3.1 Were efforts made to minimise error in data collection? No information
3.2 Were sufficient study characteristics considered for both review authors and readers to be able to interpret the results? Probably yes
3.3 Were all relevant study results collected for use in the synthesis? Probably yes
3.4 Was risk of bias (or methodological quality) formally assessed using appropriate criteria? Probably no
3.5 Were efforts made to minimise error in risk of bias assessment? Yes
Concerns regarding methods used to collect data and appraise studies High

The synthesis appeared to include all relevant studies. The method of analysis was poorly explained but appeared generally appropriate. Heterogeneity was assessed and found to be high for some analyses. However, heterogeneity was decreased after removing adult studies. Robustness of the findings was not addressed. Publication bias was not assessed; this was considered inappropriate. The quality of individual studies was considered in the synthesis using inappropriate criteria.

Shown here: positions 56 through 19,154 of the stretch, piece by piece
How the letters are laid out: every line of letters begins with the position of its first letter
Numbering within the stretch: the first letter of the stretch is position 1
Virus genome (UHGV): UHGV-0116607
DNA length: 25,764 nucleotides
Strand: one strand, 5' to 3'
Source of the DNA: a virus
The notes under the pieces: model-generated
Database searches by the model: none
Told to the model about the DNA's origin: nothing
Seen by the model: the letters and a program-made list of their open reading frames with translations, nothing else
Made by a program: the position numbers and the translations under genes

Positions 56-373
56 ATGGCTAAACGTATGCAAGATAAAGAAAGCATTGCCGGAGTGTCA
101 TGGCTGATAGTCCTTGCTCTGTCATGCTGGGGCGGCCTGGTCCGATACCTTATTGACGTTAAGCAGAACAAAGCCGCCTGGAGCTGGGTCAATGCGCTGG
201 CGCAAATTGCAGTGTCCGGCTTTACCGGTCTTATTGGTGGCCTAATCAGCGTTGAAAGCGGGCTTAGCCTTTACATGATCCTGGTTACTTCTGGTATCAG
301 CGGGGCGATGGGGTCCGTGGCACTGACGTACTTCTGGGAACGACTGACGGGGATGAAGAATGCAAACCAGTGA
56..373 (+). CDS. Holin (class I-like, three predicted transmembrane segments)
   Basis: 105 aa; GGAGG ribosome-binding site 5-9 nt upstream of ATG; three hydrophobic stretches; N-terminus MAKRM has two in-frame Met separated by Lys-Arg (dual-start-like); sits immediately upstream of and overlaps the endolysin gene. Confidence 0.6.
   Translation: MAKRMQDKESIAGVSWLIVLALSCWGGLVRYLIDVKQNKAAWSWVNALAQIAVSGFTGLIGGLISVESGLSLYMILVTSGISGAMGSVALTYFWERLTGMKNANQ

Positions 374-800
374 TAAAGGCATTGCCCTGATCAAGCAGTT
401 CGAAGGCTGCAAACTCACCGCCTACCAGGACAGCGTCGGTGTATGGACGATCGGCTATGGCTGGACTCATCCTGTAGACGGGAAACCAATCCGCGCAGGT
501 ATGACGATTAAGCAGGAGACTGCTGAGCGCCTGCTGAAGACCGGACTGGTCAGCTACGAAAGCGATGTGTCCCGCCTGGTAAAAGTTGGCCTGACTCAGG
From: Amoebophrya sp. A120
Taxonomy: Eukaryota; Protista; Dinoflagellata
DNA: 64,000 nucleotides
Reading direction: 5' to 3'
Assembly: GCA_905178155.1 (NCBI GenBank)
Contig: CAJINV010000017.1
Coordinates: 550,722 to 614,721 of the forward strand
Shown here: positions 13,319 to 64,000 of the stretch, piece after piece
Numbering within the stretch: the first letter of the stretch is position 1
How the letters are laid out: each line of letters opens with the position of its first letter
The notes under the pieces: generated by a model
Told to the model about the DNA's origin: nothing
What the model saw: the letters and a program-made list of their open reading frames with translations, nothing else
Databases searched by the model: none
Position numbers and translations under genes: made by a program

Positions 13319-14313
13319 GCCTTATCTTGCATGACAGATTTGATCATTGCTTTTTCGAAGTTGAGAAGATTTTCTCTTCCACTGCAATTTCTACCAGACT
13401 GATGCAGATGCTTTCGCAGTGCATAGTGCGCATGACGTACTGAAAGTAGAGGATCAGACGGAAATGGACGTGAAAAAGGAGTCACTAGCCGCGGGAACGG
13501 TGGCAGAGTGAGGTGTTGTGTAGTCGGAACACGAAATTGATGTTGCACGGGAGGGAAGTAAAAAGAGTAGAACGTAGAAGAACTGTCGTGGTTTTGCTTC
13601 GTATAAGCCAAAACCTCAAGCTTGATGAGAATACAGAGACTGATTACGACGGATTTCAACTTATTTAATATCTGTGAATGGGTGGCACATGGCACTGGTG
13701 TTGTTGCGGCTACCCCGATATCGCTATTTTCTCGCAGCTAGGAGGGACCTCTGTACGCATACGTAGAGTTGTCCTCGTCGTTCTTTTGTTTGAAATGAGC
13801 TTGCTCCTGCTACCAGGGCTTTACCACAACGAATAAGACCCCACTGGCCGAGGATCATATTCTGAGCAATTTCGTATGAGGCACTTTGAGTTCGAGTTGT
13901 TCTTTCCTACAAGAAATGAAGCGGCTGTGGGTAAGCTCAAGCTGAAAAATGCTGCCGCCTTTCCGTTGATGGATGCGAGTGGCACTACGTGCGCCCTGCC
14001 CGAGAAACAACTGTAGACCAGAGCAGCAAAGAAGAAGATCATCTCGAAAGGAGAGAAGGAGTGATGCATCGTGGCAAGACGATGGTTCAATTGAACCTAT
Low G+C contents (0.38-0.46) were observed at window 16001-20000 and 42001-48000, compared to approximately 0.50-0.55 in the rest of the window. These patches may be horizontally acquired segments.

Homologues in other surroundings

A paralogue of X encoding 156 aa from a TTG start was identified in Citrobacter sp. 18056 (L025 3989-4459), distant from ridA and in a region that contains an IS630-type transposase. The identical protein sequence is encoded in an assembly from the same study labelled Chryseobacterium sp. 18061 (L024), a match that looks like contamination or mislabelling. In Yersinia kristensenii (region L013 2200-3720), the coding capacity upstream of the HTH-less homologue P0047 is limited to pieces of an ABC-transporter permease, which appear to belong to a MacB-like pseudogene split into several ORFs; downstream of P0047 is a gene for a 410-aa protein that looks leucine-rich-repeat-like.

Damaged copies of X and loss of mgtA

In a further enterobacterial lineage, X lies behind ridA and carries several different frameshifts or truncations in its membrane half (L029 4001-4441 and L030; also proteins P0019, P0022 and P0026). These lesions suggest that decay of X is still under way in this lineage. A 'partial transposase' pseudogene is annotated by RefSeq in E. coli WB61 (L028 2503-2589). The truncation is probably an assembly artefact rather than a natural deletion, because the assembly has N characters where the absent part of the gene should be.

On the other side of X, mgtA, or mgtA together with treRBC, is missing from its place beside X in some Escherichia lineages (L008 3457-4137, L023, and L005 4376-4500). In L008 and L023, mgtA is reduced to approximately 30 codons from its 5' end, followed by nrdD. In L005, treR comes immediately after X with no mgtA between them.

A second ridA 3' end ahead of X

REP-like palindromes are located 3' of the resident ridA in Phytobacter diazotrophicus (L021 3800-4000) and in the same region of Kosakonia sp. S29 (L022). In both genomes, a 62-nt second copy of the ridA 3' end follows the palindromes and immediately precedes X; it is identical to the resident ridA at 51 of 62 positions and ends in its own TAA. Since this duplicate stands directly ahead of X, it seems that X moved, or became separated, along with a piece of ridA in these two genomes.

4.1 Did the synthesis include all studies that it should? Probably yes
4.2 Were all pre-defined analyses reported or departures explained? Probably yes
4.3 Was the synthesis appropriate given the degree of similarity in the research questions, study designs and outcomes across included studies? Probably yes
4.4 Was between-study variation minimal or addressed in the synthesis? Probably yes
4.5 Were the findings robust, e.g. as demonstrated through funnel plot or sensitivity analyses? Probably no
4.6 Were biases in primary studies minimal or addressed in the synthesis? Probably no
Concerns regarding synthesis and findings High

Keywords